Population Consequences of Upper Respiratory Tract Disease on Gopher Tortoises
Task Force Report
gopher tortoises, respiratory diseases
The research project had 5 objectives: (1) resurvey 10 gopher tortoise (Gopherus polyphemus) populations originally surveyed 8–10 years ago; (2) compare changes in the demographic well-being of populations at 4 sites that were known to have seropositive (for Mycoplasma agassizii antibodies) individuals with those of populations at 6 sites that were not known to have seropositive individuals; (3) document changes in the spatial arrangement and potential connectivity of individuals within populations and determine if the changes are related to habitat management practices; (4) test as many as 20 individuals from each population for the presence of M. agassizii; and (5) examine individuals from each population for signs of physiological stress.
Demographic well-being was assessed indirectly via burrow frequency, status, and size. Estimated numbers of active and inactive burrows, estimated numbers of abandoned burrows, and histograms of size distributions were compared among locations. Comparisons between surveys were made with maps of the areas of tortoise occupancy to reveal shifts in the spatial arrangement and potential connectivity of groups of individuals and by dividing transects into quartiles to determine if individuals had moved toward the peripheries of the various locations between surveys. Data on habitat structure (vegetation samples) and management history (distributions of tortoise habitat and burn histories) were searched for reasons underlying changes in demographic well-being and/or spatial arrangement. Blood samples were extracted from hand-captured individuals and analyzed for presence/absence of antibodies to M. agassizii, levels of stress hormones, and white blood cell counts.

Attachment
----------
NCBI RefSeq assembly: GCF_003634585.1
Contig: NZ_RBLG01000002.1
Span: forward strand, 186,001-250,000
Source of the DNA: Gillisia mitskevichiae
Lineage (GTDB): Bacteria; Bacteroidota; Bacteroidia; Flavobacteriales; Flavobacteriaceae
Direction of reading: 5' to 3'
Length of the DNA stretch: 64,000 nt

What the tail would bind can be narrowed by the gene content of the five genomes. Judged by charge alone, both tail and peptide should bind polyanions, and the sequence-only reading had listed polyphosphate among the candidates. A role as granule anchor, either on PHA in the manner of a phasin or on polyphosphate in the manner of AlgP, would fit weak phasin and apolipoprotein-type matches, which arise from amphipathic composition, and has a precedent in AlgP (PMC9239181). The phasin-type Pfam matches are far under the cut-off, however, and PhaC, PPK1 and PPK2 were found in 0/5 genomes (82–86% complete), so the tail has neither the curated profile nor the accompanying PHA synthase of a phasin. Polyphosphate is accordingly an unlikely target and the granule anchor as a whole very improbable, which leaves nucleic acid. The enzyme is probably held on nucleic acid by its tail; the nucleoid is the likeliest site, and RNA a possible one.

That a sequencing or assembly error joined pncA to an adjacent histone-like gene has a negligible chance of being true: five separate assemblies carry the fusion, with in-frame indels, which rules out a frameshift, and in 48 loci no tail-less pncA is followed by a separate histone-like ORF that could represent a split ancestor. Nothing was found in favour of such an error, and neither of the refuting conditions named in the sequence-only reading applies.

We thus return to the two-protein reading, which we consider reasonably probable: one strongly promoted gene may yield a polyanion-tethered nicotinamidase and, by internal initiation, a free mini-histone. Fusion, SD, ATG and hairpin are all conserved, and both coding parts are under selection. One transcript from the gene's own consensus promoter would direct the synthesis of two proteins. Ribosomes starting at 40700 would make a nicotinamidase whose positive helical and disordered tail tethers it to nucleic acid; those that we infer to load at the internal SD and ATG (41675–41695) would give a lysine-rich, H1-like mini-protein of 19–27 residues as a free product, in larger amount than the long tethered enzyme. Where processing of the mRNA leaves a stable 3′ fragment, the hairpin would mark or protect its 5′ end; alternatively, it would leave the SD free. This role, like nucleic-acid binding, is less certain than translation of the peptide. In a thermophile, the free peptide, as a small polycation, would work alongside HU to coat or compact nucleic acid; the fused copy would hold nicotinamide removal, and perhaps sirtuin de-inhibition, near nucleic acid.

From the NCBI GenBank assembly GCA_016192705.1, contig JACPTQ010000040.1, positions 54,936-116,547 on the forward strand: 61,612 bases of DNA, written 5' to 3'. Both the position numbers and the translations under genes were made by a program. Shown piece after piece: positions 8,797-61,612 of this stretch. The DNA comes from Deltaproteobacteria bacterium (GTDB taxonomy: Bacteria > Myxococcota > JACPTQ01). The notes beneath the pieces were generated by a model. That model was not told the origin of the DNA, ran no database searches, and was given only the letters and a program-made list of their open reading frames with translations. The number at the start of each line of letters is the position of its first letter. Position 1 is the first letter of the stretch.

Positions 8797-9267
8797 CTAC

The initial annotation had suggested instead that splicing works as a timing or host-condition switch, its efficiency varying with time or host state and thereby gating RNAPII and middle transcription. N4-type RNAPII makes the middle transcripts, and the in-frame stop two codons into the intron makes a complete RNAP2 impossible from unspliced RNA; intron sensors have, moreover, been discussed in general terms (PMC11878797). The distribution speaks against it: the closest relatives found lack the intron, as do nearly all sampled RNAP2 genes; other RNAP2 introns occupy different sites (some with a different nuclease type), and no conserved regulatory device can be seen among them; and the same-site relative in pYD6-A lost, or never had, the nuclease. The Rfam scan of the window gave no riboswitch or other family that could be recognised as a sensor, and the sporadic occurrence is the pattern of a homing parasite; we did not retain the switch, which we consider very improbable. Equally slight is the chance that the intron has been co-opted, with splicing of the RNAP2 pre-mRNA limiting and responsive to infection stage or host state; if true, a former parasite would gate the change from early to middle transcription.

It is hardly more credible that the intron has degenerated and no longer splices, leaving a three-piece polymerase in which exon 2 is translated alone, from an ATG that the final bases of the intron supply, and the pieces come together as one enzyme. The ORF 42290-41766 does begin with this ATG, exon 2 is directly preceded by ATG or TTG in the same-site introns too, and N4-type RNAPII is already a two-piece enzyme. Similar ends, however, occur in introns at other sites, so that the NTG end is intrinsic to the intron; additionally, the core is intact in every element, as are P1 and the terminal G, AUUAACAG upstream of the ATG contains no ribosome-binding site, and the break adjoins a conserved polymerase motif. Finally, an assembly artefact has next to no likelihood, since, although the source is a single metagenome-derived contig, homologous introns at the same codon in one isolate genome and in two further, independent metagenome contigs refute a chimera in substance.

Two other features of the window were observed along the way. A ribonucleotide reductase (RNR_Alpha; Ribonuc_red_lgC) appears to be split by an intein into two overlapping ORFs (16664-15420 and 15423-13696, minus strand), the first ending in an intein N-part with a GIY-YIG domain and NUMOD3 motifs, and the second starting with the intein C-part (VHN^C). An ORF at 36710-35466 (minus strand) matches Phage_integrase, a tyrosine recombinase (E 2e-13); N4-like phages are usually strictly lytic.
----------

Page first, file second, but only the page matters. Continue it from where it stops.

Indicators of demographic well-being changed between surveys at most sites. Most of the changes, at most sites, indicate that the demographic well-being declined between surveys. Spatial arrangement of occupancy of the habitat changed only modestly, at best, between surveys at most sites. Habitat structure changed to varying degrees among sites between surveys and changes appear to be related, at least in part, to management history. A connection between the observed declines and reduction in habitat quality was indicated. Some combination of loss of herbaceous ground cover, increase in lower canopy cover, and increase in upper canopy cover between surveys appeared to be at least partially responsible for the declines, but our results do not reveal specific causes of the declines. Reductions in habitat quality were not expressed uniformly among sites with different amounts of habitat, but were expressed more strongly at relatively small sites. Habitat loss and fragmentation are likely to be exacerbated by concomitant habitat degeneration. No connection between the observed declines and the presence of M. agassizii was indicated, and the mycoplasma appears to be more widespread than previously suspected. Plasma cortisone levels could not be shown to be different among sites or between seropositive and seronegative individuals. The most readily detectable hematological response both to the presence of M. agassizii and to chronic stress was elevated heterophil/lymphocyte ratios. Our results tentatively establish a connection between chronic stress from habitat change, immune response, and demographic well-being.
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Citation / Publisher Attribution
Population Consequences of Upper Respiratory Trace Disease on Gopher Tortoises, NG98-005, 44 p.
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